I’ve been heavy into the vids since getting the 360 a few weeks ago, so there are many more games posts on the way. Anyway, this is some further thoughts about aspects of the 360.
First, achievements. That is a very clever idea. In a nutshell, accomplishing certain goals in a game (clear level 3, survive one minute without dying, etc.) earn you “achievements”, which have different point values; these points accrue in your “gamerscore”, a number on your “gamercard”:
which basically measures how much of a nerd you are. Now it’s not so much for the gamerscore, I don’t think, but I find these achievements damned addicting. (As if the games themselves weren’t bad enough.) Perhaps it is the score, in that it tricks me into thinking playing games is adding to my value.
But one of the nicest details of this system is that the achievements you earn are tracked by the system and are added to your profile. So you can look at anyone’s profile and see in alarming detail what games they have been playing, how recently, and how far they have gotten in them. I was playing Gears with a friend of a friend and he said “I see you’re in the thieves’ guild in Oblivion,” because yeah, he can see that. So we chatted about how to do a particular mission, etc. This is a good thing, in that the image of one’s self is primarily constituted by one’s achievements, unlike say MySpace, where it is made up of one’s spam image of one’s self.
Fucking A! Not to argue that Microsoft’s version of the downloadable vintage/casual game marketplace is any better than, say, Nintendo’s, but that the overall service is something very nice to have. You can now get Castlevania: Symphony of the Night for the equivalent of $10. That’s sweet; apparently it’s one of the best games ever made. I’ve never played it. I am able to fill in the gaps in my knowledge of the canon, I get games far below the typical $70 CDN new game price, and it doesn’t even require my lazy ass to pop in a disc, it’s right on the HD. I can see why some people wouldn’t be happy paying money for 25-year old arcade games that they had poured all their hard-earned quarters into as kids, but it really all comes down to pricing. Frankly, Microsoft should include more free Live Arcade games on the system, since it sounds like a lot of people don’t even think of downloading them at all. Worth it though!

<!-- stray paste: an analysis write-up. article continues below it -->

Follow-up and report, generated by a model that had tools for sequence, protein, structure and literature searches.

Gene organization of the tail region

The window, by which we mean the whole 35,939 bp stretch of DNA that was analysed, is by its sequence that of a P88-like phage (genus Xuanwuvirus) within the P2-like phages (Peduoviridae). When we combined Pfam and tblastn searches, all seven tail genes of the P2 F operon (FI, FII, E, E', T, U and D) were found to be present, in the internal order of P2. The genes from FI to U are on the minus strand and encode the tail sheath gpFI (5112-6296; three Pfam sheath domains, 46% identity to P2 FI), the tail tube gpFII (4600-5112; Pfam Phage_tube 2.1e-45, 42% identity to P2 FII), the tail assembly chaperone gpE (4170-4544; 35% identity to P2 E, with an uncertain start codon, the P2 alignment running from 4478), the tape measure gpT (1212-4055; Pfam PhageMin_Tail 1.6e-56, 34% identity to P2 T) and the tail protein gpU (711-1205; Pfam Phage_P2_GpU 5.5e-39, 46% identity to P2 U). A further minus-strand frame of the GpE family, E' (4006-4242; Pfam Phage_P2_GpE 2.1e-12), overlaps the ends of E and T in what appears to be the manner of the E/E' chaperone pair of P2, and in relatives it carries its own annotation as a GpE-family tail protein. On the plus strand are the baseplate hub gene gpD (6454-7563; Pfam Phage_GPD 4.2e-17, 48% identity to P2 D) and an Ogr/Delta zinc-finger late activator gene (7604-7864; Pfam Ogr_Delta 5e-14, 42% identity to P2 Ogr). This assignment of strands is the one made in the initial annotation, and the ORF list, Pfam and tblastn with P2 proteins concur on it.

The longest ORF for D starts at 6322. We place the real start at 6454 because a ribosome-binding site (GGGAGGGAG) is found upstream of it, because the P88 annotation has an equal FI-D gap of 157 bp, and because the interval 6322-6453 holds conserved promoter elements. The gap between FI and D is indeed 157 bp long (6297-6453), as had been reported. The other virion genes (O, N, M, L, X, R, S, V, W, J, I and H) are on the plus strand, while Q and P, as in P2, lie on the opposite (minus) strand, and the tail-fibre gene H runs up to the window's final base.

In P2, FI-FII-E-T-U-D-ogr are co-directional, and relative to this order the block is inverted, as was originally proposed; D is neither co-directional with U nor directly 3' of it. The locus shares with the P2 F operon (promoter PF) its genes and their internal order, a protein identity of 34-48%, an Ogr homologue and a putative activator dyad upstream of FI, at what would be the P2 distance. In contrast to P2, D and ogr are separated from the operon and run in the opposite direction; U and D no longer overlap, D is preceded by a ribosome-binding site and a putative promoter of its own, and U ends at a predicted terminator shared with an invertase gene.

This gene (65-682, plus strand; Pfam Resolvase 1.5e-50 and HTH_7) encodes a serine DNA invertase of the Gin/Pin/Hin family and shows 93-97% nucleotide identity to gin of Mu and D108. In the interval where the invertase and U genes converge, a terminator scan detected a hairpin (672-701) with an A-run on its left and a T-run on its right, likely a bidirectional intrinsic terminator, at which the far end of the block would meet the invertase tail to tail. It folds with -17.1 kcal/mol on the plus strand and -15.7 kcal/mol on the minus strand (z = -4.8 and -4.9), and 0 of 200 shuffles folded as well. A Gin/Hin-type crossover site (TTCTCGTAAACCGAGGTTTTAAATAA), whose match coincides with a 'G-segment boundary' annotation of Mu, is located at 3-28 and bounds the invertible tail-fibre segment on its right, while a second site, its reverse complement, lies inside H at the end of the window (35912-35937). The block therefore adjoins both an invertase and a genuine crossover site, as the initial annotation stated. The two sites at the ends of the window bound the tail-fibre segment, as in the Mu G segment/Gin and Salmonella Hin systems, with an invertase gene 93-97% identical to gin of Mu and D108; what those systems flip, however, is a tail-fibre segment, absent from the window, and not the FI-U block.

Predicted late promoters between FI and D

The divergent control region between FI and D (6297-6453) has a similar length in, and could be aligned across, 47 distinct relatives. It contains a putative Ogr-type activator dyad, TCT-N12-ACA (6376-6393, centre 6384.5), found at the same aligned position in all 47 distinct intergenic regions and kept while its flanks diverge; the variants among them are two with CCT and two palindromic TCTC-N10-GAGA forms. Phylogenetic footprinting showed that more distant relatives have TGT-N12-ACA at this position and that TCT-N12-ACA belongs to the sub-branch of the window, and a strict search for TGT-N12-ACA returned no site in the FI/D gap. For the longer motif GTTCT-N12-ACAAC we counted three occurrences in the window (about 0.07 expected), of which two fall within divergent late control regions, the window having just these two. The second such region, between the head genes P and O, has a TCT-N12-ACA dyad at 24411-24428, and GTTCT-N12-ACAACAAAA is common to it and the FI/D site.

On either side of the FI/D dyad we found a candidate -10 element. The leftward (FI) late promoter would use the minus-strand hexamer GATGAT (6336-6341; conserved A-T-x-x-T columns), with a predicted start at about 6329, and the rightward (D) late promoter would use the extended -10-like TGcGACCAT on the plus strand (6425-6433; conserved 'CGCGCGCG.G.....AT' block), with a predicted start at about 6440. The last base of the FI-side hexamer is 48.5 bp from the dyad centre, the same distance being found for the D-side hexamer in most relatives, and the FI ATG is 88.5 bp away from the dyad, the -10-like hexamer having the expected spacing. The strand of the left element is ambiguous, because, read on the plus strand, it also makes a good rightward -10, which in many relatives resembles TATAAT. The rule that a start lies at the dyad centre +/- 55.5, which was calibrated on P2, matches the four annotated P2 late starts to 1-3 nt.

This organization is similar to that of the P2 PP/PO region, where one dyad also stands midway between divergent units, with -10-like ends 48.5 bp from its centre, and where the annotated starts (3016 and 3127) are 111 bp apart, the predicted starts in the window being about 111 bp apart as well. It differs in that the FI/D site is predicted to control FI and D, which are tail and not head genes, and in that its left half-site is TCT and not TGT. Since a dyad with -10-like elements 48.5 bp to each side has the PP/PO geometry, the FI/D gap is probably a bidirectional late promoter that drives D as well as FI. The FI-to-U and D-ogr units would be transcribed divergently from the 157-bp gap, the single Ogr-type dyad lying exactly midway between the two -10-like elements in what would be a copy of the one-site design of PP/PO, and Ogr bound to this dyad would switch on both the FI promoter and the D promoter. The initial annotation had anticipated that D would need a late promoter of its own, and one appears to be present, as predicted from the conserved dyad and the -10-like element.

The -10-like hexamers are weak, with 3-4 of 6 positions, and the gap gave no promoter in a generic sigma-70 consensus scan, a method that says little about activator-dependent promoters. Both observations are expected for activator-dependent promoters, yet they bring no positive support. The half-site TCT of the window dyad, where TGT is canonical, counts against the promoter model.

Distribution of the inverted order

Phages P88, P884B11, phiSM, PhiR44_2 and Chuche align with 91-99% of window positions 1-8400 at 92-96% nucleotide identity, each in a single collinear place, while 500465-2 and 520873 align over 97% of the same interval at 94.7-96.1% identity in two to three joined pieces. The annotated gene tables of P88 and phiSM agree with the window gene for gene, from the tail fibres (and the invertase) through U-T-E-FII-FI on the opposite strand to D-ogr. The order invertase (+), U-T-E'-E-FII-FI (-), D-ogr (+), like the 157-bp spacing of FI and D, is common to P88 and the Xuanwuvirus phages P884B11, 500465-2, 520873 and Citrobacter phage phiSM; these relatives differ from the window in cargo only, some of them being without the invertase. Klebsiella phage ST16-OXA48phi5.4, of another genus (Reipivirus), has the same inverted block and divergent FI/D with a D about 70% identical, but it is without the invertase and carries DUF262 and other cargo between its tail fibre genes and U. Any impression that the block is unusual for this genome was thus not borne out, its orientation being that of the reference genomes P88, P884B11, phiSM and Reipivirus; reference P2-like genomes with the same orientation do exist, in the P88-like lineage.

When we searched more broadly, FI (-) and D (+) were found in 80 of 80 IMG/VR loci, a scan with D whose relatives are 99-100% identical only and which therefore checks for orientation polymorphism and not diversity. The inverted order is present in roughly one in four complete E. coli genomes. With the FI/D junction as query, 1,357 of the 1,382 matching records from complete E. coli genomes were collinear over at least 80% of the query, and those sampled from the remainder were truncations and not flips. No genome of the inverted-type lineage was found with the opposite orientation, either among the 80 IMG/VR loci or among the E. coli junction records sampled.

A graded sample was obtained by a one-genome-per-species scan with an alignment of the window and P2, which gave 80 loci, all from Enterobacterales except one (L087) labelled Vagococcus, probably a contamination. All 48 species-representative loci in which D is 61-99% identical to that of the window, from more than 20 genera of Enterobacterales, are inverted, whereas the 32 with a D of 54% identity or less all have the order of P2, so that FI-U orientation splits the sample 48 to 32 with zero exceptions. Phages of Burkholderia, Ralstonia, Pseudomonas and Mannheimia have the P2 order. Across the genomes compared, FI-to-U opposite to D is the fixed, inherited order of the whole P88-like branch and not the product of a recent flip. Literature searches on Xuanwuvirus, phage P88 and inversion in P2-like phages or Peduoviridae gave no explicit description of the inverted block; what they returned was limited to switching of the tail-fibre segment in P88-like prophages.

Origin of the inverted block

I’ve been speccing out HDTVs for a while now and thought it was time to share what I have so far. Long story short: Sharp Aquos 42in LCD 1080p. Reasons: good reviews, good stats (1200:1 contrast, 6ms response, 2xHDMI), 1080p. Compared to what you could get for $2300 CDN even a year ago, this is pretty sweet. However, there are new models coming out soon, and the main difference is that they operate at 120hz. What does this mean? These articles (1, 2) can tell you more than I can, but it has to do with the refresh rate and it sounds like:
- 120hz, since it divides equally by 24 and 30, will yield a ‘smoother’ image no matter whether it is video- or film-based
- response time will be faster, around 4ms, which is of interest to gamers.
That said, I’m not sure whether these things will make any real-world difference. I haven’t exactly heard current HDTV owners crying out for smoother refresh rates; not a whine from HD gamers saying their TVs make them suck at games. Whenever I’m ready to buy (crosses fingers) I’ll see which way the wind blows. Maybe when they clear out the existing models there will be Hott Dealz.
It hasn’t escaped my attention that the thing that drives my home theatre upgrades lately is gaming, not film viewing. Having surround sound speakers for films is a nice touch, but for games it’s a performance advantage. HD will likely be the same. This is odd for a film-school grad.
Oh, while we’re on the subject: apparently Blu-Ray won.
Sony announced a new online virtual world for the PS3, which will be free (with every PS3). The video is pretty impressive. It’s a combination of Xbox Live, Nintendo’s Miis, and Second Life. It reminded me of an article I wrote six years ago for Joystick 101, now lost to us, called “the Game OS”. It proposed an online, virtual world that would function as a wrapper for all games played, and it’s almost exactly what Sony is going to do. Not to gloat at my own foresightedness or anything.
There remain questions of implementation. For example, Sony is clearly planning on selling advertising in this world, and will charge you for special clothes for your avatar. But can you make your own clothes? Can you get an adblocker? Can I look like a dinosaur but with the face of “Scooter” Libby? How customizable is it, how open-ended is it? Are we in Snow Crash or Sony’s corporate fantasyworld?
I’d be remiss if I didn’t mention that Merlin Mann’s Merlin Show launched this week and that I am enjoying it.
From the would-love-it-to-be-true department, via matthowie, multitouch everywhere. The comments on that SBJ link are interesting, especially the anecdote about Jobs attempting a multitouch on a Cinema Display, and the one mentioning that Fingerworks had been bought by Apple. And yeah, it’s worth watching the video again.